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Discussion Starter · #1 ·
I just got a 2012 Yeti Ambition 2.0tdi 110 manual transmission from a used car dealership. My first diesel. I saw people on this forum talking about how diesel Yetis are very particular with their revs and gears so I didn't think much about it at first, but now I'm a bit worried.

I've had the car for about a week and a half. Right when leaving the dealership and merging onto a roundabout / then onto the highway, engine cut out. It's not really a stall per se, there's no CLUNK and a hard stop. But rather the engine just shuts off, and what I see on the dashboard is the BATTERY light illuminated. Then later that day, stopped at a stoplight, put car in neutral, and then lifted foot off the clutch. And same thing. Engine off. Battery light on. Like battery dies (but radio, etc stay on)

Then nothing happened for about a week, until yesterday going about 55mph on the highway, the same thing happened. I was changing gears but I was between 3 or 4 it seems. super scary. Cars going fast all around me and I had to restart the engine while the car was cruising.

Could this be user error/adjusting my driving style, or does this sound like a mechanical problem? It's just weird to me that the battery light would come on, does anyone else experience this when the engine cuts out?
 

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Have you checked the resting voltage of the battery?
I very much doubt if it's caused by your driving style.
Does the car always stop or just reduce power and revs?
Is the battery light red or amber?
Why did you not return to the garage when it first did it?
 

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Discussion Starter · #3 ·
Have you checked the resting voltage of the battery?
I very much doubt if it's caused by your driving style.
Does the car always stop or just reduce power and revs?
Is the battery light red or amber?
Why did you not return to the garage when it first did it?
Thanks for your response!

I'm going to answer as best as possible, but I'm quite a newbie in terms of car terminology so please bear with me.

  • Have not checked resting voltage, how does one do that?
  • The car never lurches to a stop, the revs just lower and the car kind of coasts/cruises until I depress clutch and restart the ignition
  • The battery light is red
  • I didn't return it because I thought it was just a standard stall/clutch issue on my end. I've been driving for 10 years but only have driven manual transmission for 2-3 years (I'm from the USA and moved to Spain) so I'm not an expert manual driver. When it first happened I was approaching a roundabout and I thought it was just because I was releasing the clutch too fast or not properly revving. Plus reading online about people having similar issues with their Yetis at roundabouts & junctions, how the engine cuts out at a certain low rev speed to "protect itself.." I thought I just had to adjust my driving style. But then what happened on the highway really scared me (I was also downshifting though, it always happens with downshifting it seems...) I do have a 1-year warranty though and plan on taking it back if this continues.
 

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You need to take the car straight back to the dealer as it is unsafe. If you stall the car it will be noticeable with a thud or clunk, if you take the revs too low the engine will clatter. If the engine dies of it's own accord the dealer needs to fix it or refund your money that is certainly not normal.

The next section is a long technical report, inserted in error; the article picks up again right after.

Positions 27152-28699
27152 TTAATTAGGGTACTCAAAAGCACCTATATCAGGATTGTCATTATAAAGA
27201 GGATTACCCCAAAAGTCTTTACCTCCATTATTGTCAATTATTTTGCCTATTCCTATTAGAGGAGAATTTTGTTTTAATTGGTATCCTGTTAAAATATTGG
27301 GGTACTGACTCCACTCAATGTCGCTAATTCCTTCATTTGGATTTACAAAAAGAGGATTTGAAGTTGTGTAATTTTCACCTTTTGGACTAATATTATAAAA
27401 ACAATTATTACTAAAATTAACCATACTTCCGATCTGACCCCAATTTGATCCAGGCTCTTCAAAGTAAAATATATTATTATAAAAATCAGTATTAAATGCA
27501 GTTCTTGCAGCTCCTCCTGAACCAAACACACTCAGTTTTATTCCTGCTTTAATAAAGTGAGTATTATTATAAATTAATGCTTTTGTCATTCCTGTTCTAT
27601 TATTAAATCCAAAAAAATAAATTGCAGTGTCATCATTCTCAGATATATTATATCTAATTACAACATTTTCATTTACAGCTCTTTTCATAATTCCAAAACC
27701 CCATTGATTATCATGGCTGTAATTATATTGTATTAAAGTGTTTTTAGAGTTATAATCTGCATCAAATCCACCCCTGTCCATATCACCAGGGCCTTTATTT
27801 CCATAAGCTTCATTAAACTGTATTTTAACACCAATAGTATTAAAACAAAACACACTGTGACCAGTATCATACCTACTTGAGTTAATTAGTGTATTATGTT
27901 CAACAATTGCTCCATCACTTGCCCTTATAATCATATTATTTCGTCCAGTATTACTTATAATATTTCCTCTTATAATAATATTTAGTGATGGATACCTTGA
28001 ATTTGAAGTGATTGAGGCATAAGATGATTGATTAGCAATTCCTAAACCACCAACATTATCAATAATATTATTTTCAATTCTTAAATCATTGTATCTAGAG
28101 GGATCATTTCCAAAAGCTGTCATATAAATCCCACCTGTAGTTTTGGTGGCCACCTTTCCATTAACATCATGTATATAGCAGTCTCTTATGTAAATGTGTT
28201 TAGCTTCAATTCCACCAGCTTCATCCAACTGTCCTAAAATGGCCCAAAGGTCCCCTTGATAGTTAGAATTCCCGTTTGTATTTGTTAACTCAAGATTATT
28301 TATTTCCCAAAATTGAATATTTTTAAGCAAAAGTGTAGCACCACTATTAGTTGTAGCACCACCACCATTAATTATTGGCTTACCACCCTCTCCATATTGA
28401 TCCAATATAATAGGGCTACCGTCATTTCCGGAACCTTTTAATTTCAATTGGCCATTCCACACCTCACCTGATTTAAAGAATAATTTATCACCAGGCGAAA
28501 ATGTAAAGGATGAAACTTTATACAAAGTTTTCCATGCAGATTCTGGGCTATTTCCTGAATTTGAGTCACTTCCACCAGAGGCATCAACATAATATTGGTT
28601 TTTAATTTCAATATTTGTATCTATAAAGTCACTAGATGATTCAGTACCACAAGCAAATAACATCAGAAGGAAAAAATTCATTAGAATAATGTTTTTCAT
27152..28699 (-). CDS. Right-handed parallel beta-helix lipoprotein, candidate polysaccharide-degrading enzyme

In this country you would be covered by consumer law, the vehicle is not of merchantable quality or fit for purpose, I would have thought the E.U. would have similar laws.
 

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Discussion Starter · #5 ·
You need to take the car straight back to the dealer as it is unsafe. If you stall the car it will be noticeable with a thud or clunk, if you take the revs too low the engine will clatter. If the engine dies of it's own accord the dealer needs to fix it or refund your money that is certainly not normal.
In this country you would be covered by consumer law, the vehicle is not of merchantable quality or fit for purpose, I would have thought the E.U. would have similar laws.
Thanks for your response. Yeah it definitely seemed a bit surprising. I've stalled on several cars so I know what a stall feels like. I was just convinced that it was the engine "protecting itself" by shutting off as I've seen on many yeti posts in different forums. But then realizing the battery light was coming on seemed abnormal.... Aghhh. Back to the dealer next week then
 

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You need to take the car straight back to the dealer as it is unsafe.
Exactly, if the warning light was amber it would not be so bad but a red warning means stop and sort it.
 

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Does the battery light come on before the engine dies?

If you drive along very slowly in first gear and take your foot off the accelerator it should happily drive along on tick over at around 800 to 900 r.p.m.
 

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You've either got a duff battery or an even bigger problem, if you're happy to buy a new battery that is where to start if not take it straight back to the dealer and leave it there until sorted. Nothing you are doing would cause this problem.
 

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My understanding is that the only role of the battery light is to indicate when the battery is being discharged, and that is absolutely normal that the battery light would illuminate whenever the engine is not running.

I think that is what The Hood is getting at with his question above ... if it illumimates when the engine is running, then there is likely a problem with the charging system at the very least.